There was no small talk here. The event attendees included a mix of patients, physicians, supportive family members and friends, students, and those simply trying to understand the life we live. With each introduction, I could sense a mutual hope of wanting the other to share the same diagnosis. For many, this is the one time a year they meet anyone with a rare disease and possibly even their own.

Looking around the room, it was clear that rare disease knows no race, sex, gender, size, or age. There were those whose disease is invisible, and others whose illness manifests itself in various ways, including disability – people from all walks and rolls of life. For once, I was in a space where the minority was the majority. In a room of individuals, many of whom experience chronic fatigue, the energy was palpable. It really is all one great paradox.

Show Your Rare: 10+1 Fundraising Ideas to Honor Rare Disease Day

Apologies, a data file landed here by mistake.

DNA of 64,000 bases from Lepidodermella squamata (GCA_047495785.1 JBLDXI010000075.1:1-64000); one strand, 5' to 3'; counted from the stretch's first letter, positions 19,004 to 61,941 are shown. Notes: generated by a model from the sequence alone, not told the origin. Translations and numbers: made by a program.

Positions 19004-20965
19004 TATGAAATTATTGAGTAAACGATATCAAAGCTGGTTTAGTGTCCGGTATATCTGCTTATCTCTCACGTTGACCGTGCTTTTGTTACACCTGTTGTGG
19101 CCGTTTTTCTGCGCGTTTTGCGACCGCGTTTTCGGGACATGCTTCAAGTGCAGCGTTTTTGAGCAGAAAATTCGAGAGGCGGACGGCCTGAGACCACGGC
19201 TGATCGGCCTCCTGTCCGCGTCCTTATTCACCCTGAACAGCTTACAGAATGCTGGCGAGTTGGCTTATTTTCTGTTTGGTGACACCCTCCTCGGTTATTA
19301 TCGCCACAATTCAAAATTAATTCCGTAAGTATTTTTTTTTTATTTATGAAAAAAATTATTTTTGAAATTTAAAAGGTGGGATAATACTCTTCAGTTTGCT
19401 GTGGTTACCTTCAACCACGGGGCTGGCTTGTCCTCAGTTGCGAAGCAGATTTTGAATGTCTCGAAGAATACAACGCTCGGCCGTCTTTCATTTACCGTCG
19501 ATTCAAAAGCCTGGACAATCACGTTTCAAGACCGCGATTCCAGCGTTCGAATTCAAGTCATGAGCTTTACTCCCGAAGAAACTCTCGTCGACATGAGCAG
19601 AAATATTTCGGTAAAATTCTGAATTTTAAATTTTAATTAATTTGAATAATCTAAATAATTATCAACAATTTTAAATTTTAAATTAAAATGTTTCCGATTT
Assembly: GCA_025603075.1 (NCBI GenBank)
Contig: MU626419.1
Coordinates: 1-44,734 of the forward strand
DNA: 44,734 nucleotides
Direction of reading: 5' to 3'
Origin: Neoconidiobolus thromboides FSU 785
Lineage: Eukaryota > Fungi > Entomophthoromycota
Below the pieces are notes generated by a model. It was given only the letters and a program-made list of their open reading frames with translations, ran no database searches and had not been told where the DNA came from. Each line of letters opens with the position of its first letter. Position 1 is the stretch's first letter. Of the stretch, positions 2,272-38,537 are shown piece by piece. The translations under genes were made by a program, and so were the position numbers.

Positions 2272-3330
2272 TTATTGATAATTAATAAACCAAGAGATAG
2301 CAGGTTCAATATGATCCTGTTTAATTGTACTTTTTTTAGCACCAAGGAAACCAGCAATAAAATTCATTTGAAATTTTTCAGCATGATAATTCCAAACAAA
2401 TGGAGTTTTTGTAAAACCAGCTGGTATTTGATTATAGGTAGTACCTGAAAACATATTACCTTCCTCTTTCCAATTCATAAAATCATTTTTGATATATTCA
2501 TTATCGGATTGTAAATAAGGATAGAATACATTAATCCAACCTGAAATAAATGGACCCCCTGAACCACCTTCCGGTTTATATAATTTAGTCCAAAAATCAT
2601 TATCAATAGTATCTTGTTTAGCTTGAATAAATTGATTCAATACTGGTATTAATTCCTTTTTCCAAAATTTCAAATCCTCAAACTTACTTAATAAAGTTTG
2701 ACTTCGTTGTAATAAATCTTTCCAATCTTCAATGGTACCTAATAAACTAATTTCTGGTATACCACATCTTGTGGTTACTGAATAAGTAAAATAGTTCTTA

Today is Rare Disease Day! How will you #ShowYourRare in solidarity with rare disease patients all over the world?

We’ve put together 10+1 ways to get involved and support SRNA’s 25th Anniversary this year. Check them out and get involved today!

In 2018, there were five Walk-Run-N-Roll events organized by our members. This year we’d like to double that number. These events are a great way to raise awareness and funds, and to meet others. Last year, an average of 100 people registered for a Walk-Run-N-Roll. This year, we have our special 25-year branding ready to be showcased at your very own Walk-Run-N-Roll!

As Barbara mentions in her blog post, hosting a restaurant fundraiser is a simpler way to get involved…and you don’t have to know someone who owns a restaurant. Groupraise is a great site that allows you to search by zip code for restaurants in your area that will give a percentage of sales to SRNA.